## Maximum likelihood with appropriate calibration goes a long way.

by Amr M. Alexandari & Avanti Shrikumar

In this tutorial, we will see how we can use a combination of model calibration and a simple iterative procedure to make our model predictions robust to shifts in the class proportions between when the model is trained and when it is deployed.

Say we build a classifier using data gathered in June to predict the probability that a patient has COVID19 based on the severity of their symptoms. At the time we train our classifier, covid positivity was at a comparatively lower rate in the community. Now it’s November, and the rate of covid positivity has increased considerably. Is it still a good idea to use our classifier from June to predict who has covid?

To understand why the classifier from June might underestimate the prevalence of covid, let’s imagine our classifier is built using a single variable capturing symptoms severity that we will call the “disease score” (this argument generalizes to classifiers built using many variables, as well as classifiers that have more than 2 classes as the output, but the intuition is easiest in the single variable & two-class case). Here is a toy visualization of what the ground-truth distribution of symptom severity might look like for positive and negative cases, in a situation where 10% of all tested cases in June were positive:

The red line shows the predicted fraction of positives for an ideal classifier that matches the ground-truth. This ground-truth probability can be calculated by taking the height of the orange bar at a given disease score and dividing by the total height of the blue and orange bars at that disease score added together.

Now let us visualize the case where the proportion of positives among the tested population has risen to 70% in November (note: this an extreme shift, and we show it solely for ease of visualization). The symptoms of covid have not changed between June and November, which means the overall shape of the blue distribution and orange distribution would stay the same. However, the height of the blue bars relative to orange bars would increase to reflect the greater proportion of positives, giving:

The solid red line shows the predictions from the classifier trained in June, while the dashed red line shows the true fraction of positives for data gathered in November. As we can see, the ideal classifier for data gathered in June underestimates the probability that a patient has COVID19 when the classifier is deployed in November. This phenomenon is called label shift or prior probability shift. If we knew the labels for the testing data, we could train a new classifier to output the class probabilities — but in practice, we don’t know the labels for the testing data — all we observe is the overall distribution of symptom severity for both the covid-positive and covid-negative patients combined, which looks something like this:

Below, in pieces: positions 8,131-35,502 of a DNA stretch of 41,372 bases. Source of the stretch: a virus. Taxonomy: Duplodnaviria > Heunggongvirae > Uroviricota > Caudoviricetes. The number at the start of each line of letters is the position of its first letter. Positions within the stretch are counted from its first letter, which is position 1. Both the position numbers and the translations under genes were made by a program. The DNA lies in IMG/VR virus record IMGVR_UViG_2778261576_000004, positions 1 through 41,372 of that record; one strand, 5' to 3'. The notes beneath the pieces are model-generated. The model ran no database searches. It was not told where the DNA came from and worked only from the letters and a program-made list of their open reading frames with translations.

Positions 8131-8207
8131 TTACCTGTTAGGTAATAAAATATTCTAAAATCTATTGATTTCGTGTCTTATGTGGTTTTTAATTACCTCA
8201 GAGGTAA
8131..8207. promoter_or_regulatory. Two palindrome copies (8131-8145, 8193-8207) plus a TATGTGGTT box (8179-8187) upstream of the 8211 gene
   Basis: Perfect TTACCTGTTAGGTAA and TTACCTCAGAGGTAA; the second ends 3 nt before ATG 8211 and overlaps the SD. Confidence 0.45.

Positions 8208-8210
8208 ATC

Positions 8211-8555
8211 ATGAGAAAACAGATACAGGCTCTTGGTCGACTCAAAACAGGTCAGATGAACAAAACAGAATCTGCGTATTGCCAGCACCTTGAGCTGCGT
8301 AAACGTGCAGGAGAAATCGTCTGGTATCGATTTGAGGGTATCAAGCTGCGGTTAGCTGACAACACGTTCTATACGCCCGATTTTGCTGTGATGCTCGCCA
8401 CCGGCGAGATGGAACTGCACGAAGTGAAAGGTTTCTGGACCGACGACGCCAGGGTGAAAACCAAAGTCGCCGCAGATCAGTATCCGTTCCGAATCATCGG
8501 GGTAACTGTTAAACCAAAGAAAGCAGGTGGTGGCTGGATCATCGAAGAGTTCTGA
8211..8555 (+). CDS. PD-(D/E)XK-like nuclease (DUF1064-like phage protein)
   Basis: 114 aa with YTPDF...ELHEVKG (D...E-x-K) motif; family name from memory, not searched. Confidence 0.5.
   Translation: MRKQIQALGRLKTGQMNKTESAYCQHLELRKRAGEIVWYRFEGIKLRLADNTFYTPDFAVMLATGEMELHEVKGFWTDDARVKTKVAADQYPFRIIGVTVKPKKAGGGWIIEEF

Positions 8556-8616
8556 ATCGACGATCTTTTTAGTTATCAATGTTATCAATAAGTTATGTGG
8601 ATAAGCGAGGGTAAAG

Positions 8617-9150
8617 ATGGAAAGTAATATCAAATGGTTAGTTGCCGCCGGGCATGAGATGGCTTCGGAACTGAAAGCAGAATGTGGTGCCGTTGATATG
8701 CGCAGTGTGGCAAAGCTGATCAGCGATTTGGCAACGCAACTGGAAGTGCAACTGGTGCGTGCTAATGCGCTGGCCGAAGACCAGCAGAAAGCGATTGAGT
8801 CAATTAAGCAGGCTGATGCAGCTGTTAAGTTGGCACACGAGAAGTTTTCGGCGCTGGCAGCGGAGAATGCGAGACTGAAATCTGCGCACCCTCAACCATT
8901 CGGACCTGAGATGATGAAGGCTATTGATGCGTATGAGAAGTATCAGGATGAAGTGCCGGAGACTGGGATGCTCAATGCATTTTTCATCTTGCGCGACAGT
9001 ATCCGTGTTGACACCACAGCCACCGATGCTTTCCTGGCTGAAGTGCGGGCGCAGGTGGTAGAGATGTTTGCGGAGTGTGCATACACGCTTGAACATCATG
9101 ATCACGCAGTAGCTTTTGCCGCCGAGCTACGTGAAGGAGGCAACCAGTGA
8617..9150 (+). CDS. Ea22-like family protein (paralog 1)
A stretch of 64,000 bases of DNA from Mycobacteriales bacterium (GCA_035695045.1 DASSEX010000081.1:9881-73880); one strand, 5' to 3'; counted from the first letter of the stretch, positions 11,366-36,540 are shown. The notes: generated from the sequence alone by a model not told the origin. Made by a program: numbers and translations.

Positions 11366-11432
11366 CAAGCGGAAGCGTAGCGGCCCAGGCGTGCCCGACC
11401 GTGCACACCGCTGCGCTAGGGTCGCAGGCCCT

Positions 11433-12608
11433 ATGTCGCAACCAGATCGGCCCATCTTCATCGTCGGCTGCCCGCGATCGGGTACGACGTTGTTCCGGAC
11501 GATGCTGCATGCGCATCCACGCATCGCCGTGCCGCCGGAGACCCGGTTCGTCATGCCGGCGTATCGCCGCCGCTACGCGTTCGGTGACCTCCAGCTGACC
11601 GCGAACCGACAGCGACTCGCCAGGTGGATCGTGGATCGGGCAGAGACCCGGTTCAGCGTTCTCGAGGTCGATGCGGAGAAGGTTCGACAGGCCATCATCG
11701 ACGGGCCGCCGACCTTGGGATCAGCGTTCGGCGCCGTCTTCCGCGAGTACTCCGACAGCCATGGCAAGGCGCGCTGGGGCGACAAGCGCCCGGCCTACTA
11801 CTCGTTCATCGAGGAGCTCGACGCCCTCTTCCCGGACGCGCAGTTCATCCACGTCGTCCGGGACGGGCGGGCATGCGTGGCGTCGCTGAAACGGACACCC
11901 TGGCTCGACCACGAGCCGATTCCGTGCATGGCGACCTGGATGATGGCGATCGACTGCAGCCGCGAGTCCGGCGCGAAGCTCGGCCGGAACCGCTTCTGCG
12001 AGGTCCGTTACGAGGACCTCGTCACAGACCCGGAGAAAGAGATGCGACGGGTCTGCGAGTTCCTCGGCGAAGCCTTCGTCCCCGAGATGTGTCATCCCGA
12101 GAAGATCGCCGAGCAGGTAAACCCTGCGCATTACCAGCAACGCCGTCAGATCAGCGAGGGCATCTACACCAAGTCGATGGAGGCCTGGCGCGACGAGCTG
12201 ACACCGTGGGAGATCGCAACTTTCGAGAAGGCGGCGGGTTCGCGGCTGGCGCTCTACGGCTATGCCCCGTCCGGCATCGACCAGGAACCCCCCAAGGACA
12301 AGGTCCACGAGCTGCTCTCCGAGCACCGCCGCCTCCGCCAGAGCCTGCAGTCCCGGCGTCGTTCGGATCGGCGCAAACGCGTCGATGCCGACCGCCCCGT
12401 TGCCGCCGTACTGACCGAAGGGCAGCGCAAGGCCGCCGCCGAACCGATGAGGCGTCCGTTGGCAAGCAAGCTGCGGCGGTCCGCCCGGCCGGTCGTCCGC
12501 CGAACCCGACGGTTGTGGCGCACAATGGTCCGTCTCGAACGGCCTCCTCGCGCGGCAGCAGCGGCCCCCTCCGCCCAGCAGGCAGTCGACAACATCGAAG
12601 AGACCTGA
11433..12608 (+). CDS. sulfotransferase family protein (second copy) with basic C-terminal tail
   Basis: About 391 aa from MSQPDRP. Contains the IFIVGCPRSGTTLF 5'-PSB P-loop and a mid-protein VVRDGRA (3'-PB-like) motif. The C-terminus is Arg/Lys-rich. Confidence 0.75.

So, how can we get an updated classifier?

It turns out there is a simple way to adapt our classifier to account for the shift in class proportions. To see how this method works, let us introduce some terminology. The dataset that we train on is called the “source domain”, while the dataset we deploy the model on is called the “target domain”. We will use the following notation:

• y denotes the class, which can be one of “positive for covid” or “negative for covid”
• p(y) denotes proportion of patients belonging to class y in the source domain (i.e. in June)
• q(y) denotes the proportion of patients belonging to class y in the target domain (i.e. in November)
• p(y|x) denotes the conditional probability in the source domain (i.e. in June) that the patient belongs to class y given symptoms that look like x
• q(y|x) denotes the conditional probability in the target domain (i.e. in November) that the patient belongs to class y given symptoms that look like x
• p(x|y) denotes the conditional probability in the source domain (i.e. in June) of observing certain symptoms, given that you know the patient belongs to class y
• q(x|y) denotes the conditional probability in the target domain (i.e. in November) of observing certain symptoms, given that you know the patient belongs to class y

Let’s first begin by taking stock of which of these quantities we do have information about. We can estimate p(y) by simply calculating the average class proportions in our data from the source domain. We also have an estimate of p(y|x) from building our classifier on the source domain (remember, the classifier was trained to estimate the probability that a person belongs to a particular class — in this case covid vs. no covid — given their symptoms). What about p(x|y)? While it is technically possible to build an estimate of p(x|y) using the source-domain data, in practice this can be very hard when x is high-dimensional. Thus, we will not assume that we have access to p(x|y). However, if we assume that the symptoms of covid do not change between June and November, we can assume that p(x|y) = q(x|y). To see why this is useful, let us consider how we can update our classifier if we were given a guess for the value of q(y). From Bayes’ rule, we have: